Jonathan O’Keeffe: I have never come across that patient who says that they want the benefits of this system and they’re not willing to give up their data. I have never in all my clinical and professional experience come across that person and I struggle to believe that they exist. My priority is to fight Parkinson’s disease, not to worry about the intricacies of data privacy policy.

Heylen: When you look and see where the new therapeutics are being picked up the quickest, it’s not in the UK but in the US. I have seen clients get incredibly frustrated after years and years in the UK, and then give up and go to the US – is it the structure here that allows this?

Van De Keere: I think it’s the structure of the NHS, in the US it’s mostly privatised and not so much to do with regulation.

Ben Sadowj: Certainly, the Food and Drug Administration (FDA) has been very forthcoming and proactive in terms of guidance compared to the European Medicines Agency and the EU Commission. EU regulation and guidance is lacking in comparison.

O’Keeffe:  At least the FDA will simply have the conversation. With the EMA you have to apply and pay them many thousands of pounds, and for what – to make money out of early-stage companies? The price-tag automatically acts as an inhibitor to European companies.

Heylen: Are there lobbying organisations in the UK, lobbying on behalf of digital therapeutics?

Carruthers: The Digital Therapeutics Alliance is trying to do some of that work and trying to pull together thought leaders and industry innovators.

Rivers: We are on the verge of a digital revolution, and how to use it in healthcare management, and there are lots of new regulations, but very little out there in terms of where the limits of them are.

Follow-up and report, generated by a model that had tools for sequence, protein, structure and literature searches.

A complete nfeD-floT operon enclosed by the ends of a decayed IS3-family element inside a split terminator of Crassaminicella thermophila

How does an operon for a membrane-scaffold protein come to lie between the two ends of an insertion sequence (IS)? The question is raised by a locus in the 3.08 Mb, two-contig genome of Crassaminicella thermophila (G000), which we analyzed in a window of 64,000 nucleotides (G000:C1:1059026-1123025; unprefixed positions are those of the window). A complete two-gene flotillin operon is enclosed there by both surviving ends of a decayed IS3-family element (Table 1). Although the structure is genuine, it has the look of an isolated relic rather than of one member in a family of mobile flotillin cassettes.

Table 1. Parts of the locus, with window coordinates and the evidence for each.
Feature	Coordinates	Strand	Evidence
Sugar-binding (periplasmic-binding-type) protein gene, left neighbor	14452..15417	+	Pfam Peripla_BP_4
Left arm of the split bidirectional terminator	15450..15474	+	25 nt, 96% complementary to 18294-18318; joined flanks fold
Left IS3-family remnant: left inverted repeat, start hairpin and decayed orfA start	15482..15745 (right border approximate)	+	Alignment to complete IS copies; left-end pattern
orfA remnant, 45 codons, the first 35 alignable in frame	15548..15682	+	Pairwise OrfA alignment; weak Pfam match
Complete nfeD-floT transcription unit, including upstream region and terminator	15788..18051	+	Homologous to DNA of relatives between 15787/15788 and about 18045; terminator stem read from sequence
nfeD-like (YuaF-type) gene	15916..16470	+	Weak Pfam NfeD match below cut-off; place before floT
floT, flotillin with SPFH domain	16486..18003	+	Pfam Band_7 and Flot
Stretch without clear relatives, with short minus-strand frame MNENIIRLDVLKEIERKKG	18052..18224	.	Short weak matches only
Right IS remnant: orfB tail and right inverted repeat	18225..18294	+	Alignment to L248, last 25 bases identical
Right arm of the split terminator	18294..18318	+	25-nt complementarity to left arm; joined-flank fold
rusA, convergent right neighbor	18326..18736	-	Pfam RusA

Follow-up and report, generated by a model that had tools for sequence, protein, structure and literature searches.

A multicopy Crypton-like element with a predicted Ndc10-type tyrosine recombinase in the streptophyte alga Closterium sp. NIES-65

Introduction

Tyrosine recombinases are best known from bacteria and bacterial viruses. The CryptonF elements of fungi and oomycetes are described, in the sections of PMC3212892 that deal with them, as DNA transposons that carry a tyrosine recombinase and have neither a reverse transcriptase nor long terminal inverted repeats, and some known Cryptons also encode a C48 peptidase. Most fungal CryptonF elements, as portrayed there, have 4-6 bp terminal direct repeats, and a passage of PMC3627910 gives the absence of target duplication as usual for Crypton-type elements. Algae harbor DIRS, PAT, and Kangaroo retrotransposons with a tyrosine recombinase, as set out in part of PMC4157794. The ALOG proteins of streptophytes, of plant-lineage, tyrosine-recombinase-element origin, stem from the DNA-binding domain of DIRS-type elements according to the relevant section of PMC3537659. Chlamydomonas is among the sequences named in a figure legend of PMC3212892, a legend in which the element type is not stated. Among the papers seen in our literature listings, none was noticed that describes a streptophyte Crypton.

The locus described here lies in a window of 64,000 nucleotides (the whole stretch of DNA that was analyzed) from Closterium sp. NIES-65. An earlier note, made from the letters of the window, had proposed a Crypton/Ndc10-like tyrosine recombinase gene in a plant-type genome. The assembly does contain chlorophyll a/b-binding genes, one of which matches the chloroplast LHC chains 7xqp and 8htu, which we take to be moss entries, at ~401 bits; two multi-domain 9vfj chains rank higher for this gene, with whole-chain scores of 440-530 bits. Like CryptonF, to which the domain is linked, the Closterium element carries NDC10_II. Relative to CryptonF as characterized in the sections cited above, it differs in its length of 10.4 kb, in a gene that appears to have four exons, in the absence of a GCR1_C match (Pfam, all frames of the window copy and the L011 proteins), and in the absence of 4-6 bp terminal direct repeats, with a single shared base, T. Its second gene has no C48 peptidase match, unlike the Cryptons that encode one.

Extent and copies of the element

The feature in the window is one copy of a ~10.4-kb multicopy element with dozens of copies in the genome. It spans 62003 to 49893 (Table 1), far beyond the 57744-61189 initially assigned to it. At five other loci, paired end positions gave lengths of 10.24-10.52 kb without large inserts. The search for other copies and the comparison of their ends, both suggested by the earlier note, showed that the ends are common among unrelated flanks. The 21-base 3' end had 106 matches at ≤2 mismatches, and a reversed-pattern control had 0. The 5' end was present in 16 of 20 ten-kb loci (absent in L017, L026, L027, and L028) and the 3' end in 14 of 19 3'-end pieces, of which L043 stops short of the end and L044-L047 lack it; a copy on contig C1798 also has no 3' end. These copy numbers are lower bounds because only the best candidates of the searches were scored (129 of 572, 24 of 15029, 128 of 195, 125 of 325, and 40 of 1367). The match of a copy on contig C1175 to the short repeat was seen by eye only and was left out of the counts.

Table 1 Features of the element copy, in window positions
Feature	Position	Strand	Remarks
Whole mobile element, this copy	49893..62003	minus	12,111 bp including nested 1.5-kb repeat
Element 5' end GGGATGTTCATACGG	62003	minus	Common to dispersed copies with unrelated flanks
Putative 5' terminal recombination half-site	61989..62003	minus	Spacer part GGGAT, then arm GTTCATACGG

O’Keeffe: I worked for the NHS myself, and there are a lot of things I greatly admire about it, but I would say that if you have a conversation in an NHS trust about this stuff people will make the right noises and take the right actions, but they will err on the side of patient data protection over long-term patient benefit.

Heylen: If we can move the conversation along – and talk a little bit about bringing products to market, monetisation and business structures?

Van De Keere: Once you get regulatory approval then you can go to market, but that does depend on the regions where you are selling your products because today reimbursement plans for digital products are non-existent in a lot of countries. In the US it’s moving towards a value-based system via insurance-based private healthcare, whereas in Europe it’s a mix of public and private healthcare.

Rivers: There needs to be a focus on quality in data to make sure that the outcomes we do get are evidence-based. There needs to be some funding structures – cancer research is in a privileged position where they can set up a more unique funding structure using a range of funds including donated funds to get over the first hurdle, whereas in the private sector that might be more challenging to get that cash injection to overcome the initial lag time in order to gather the data needed to prove value.

O’Keeffe: I think one really good thing about the UK is initiatives such as Innovate UK – we received a grant from Innovate UK which has made the difference between life and death for us – which was enough to get investors over the line and de-risk it.

Heylen: End of time, but just to open the floor – what do people think is important to get on the table?

Van De Keere: I think it will be very interesting to see how pharma evolves in the future. Now they’re mostly watching on the side-lines, opening hubs for start-ups or entering partnerships, but they might want to start doing some things themselves and develop things internally.

Carruthers : I think there’s a lot of movement in this space – there’s a lot of partnerships but compared to their large business it’s still a very small percentage, but it goes back to their business model, and how it’s going to work, partnering a billion $ business with businesses that aren’t valued as billion $ businesses yet.

O’Keeffe: I think fundamentally there’s also an issue surrounding IP. The IP for digital therapeutics is  weaker than for a drug – an IP around a drug is rock solid. With digital therapeutics it’s a case of building an equivalent app and doing a new trial. So, it’s a serious problem for digital therapeutics.